So, we can continue to cut around the margins and continue trying to do everything we've always done with less, or we can make strategic decisions on what do and what we do not to do, and reorganize accordingly. That is the course that wiser minds than you and I have set this university upon. Reasonable minds can disagree, but we are all in this together.
    You seem to be passionate about this topic, which I cannot help but admire. My hope for you is that you stay relevant to this process by engaging in the debate and offering up your perspective. One thing is for sure, you will not be taken seriously by anonymous bomb-throwing, especially when your basic facts are not in order. I would be more than happy to discuss this with you if you'd like. My contact info is below. --paul
    Paul G. Allvin
    Associate Vice President
    University Communications

  41. My view, as a faculty member, of differential cuts was that each College would be cut by different amounts. And that within a College each Dean would dish out those cuts differentially. The first has happened, who knows if Deans are able or willing to do the second. Instead of focusing on the first set of cuts (ie from the Provost and President because the STATE cut us) faculty here would be better served focusing on their own Colleges and asking for transparency from their own Deans. There is no excuse for saying you don't know what is happening in your own College, Deans were asked to make plans last December (2008). And if your Head doesn't know then ask them to find out.

  42. The deans themselves don't know what is happening, how can you expect them to give us any answers?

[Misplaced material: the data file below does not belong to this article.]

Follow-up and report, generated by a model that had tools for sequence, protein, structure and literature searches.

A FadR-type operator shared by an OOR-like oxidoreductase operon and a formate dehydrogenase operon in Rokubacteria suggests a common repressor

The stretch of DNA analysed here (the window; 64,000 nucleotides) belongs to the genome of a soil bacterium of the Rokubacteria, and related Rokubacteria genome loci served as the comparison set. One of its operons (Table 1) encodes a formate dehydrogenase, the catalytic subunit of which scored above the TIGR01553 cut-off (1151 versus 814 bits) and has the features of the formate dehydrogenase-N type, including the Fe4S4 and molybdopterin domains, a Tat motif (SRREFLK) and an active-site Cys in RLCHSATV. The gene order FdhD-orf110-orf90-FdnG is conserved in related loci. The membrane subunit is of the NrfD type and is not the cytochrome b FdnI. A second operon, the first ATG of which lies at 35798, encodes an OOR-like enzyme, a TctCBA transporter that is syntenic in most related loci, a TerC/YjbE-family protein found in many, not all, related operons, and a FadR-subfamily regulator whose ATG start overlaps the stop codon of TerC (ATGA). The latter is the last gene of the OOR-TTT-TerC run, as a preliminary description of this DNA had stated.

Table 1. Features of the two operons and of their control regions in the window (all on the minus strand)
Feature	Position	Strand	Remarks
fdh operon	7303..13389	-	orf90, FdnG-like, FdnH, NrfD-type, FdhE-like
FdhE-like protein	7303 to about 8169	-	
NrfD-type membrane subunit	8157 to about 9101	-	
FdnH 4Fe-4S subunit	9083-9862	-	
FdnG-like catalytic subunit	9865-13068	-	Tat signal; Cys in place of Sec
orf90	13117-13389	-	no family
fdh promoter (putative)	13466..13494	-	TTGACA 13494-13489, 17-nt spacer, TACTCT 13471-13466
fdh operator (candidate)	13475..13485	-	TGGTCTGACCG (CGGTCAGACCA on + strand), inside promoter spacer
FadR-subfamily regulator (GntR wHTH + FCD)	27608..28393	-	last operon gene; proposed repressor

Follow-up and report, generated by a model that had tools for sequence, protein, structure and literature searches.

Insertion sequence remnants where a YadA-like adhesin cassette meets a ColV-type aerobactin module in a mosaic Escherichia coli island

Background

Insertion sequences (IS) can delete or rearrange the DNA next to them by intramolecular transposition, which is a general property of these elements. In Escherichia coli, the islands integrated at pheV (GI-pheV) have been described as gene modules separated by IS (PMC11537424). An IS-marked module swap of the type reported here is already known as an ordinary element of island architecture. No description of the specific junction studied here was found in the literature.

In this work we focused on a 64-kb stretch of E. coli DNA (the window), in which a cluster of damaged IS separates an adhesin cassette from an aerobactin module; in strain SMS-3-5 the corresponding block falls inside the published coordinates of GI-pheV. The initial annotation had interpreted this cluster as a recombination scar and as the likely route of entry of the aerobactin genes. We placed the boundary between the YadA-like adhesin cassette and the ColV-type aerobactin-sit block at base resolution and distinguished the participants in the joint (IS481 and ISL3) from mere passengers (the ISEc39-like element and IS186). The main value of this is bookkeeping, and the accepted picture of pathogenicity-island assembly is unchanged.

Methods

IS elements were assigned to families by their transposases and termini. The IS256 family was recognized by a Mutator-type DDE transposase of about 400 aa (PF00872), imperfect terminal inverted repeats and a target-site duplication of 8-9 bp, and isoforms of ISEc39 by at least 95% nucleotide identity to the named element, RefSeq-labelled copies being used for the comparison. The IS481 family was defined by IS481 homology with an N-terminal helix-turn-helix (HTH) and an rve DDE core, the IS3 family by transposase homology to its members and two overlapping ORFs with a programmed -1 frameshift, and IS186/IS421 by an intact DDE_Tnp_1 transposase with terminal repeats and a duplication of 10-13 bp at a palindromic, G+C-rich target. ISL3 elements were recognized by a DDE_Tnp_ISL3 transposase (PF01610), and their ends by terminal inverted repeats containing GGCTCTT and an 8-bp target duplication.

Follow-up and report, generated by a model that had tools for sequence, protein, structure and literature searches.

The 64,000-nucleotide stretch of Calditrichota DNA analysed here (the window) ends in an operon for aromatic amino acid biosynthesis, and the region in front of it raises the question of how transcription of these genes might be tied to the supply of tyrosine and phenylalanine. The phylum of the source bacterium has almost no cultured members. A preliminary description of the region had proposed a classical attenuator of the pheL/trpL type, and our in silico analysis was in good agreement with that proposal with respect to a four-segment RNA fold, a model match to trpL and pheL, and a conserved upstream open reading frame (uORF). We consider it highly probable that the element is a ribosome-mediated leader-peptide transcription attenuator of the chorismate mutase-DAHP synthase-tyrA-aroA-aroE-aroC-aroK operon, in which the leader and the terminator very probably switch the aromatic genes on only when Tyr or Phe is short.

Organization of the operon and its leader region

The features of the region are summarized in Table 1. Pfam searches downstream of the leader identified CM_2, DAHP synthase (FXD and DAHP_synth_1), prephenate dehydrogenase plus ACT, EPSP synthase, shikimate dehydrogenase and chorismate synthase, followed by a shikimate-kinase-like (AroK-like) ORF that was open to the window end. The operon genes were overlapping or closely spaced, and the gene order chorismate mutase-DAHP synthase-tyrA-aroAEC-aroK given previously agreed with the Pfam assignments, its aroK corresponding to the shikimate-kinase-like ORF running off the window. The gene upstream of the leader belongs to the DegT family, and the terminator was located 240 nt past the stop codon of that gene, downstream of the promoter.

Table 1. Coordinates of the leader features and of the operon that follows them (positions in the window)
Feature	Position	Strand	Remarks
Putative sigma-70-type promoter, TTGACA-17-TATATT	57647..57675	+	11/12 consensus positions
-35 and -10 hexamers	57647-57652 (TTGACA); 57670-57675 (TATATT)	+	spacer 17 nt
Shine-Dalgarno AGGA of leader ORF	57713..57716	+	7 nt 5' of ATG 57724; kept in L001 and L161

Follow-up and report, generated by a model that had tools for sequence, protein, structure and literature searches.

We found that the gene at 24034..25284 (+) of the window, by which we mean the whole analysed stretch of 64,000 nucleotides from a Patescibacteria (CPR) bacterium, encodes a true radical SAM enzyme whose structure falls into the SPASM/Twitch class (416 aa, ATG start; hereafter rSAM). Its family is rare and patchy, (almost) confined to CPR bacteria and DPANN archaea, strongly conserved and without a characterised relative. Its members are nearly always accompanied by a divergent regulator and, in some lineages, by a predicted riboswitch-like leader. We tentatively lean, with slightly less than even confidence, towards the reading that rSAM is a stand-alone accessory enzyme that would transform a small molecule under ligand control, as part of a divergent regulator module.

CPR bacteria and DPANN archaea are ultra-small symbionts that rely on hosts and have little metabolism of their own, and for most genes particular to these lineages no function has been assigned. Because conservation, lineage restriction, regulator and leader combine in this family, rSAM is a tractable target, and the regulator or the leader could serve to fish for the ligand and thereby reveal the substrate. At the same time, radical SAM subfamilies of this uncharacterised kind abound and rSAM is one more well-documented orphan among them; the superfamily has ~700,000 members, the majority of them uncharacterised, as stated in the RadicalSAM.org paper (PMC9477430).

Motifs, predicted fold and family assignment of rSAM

43. A post above said:

    "Instead of focusing on the first set of cuts (ie from the Provost and President because the STATE cut us) faculty here would be better served focusing on their own Colleges and asking for transparency from their own Deans."

    And just why are we better served ignoring the first set of cut decisions (at the Provost level)? This is CRITICAL and it needed some real good justification. If this is the first set of real differential cuts, that are going to be painful and set the stage for where this university will be investing and divesting, isn't that important AND deserving of a real process, with input and with use of metrics.

    The very action of giving 7% to a college versus 2% is a MAJOR decision and it sets the stage for the rest of what that college does or can do. It is not a simple exercise of having the dean then decide what in their college is good (and spare) it versus what is not. That level of cuts affects all in the college including good departments and programs that are clearly in the strategic plan. For instance Mexican-American studies can easily claim that it fits directly into portions of our strategic plan. As can music and the arts with respect to outreach and the amount of money they bring in for development, etc etc. Was this discussed? How? When?

    Sorry I am ranting but, yes, the administration would like to put the heat on the Deans. We cannot let them do that after they already placed a massive and heavy hand on the job of the deans and after the differential cuts were politically, if not poorly, justified.

  44. "So, we can continue to cut around the margins and continue trying to do everything we've always done with less, or we can make strategic decisions on what do and what we do not to do, and reorganize accordingly. That is the course that wiser minds than you and I have set this university upon. Reasonable minds can disagree, but we are all in this together."

    What an extraordinary statement! "...wiser minds than you and I...". I find this tremendously condescending, especially since AVP Allvin reminds us "we are all in this together." But as events of the recent past have shown us, some of us are more "together" in this than others.

    It's obvious that AVP Allvin has missed the entire point of this blog and the reasons for its existence. "Reasonable minds" may indeed disagree about what is to be done about this budget crisis, but the key issue is that many "reasonable minds" have been ignored or wholly disenfranchised by the provost's willful neglect of meaningful consultation and discussion with affected parties. Until a real consultative process is implemented, fewer and fewer of us will be..."in this together."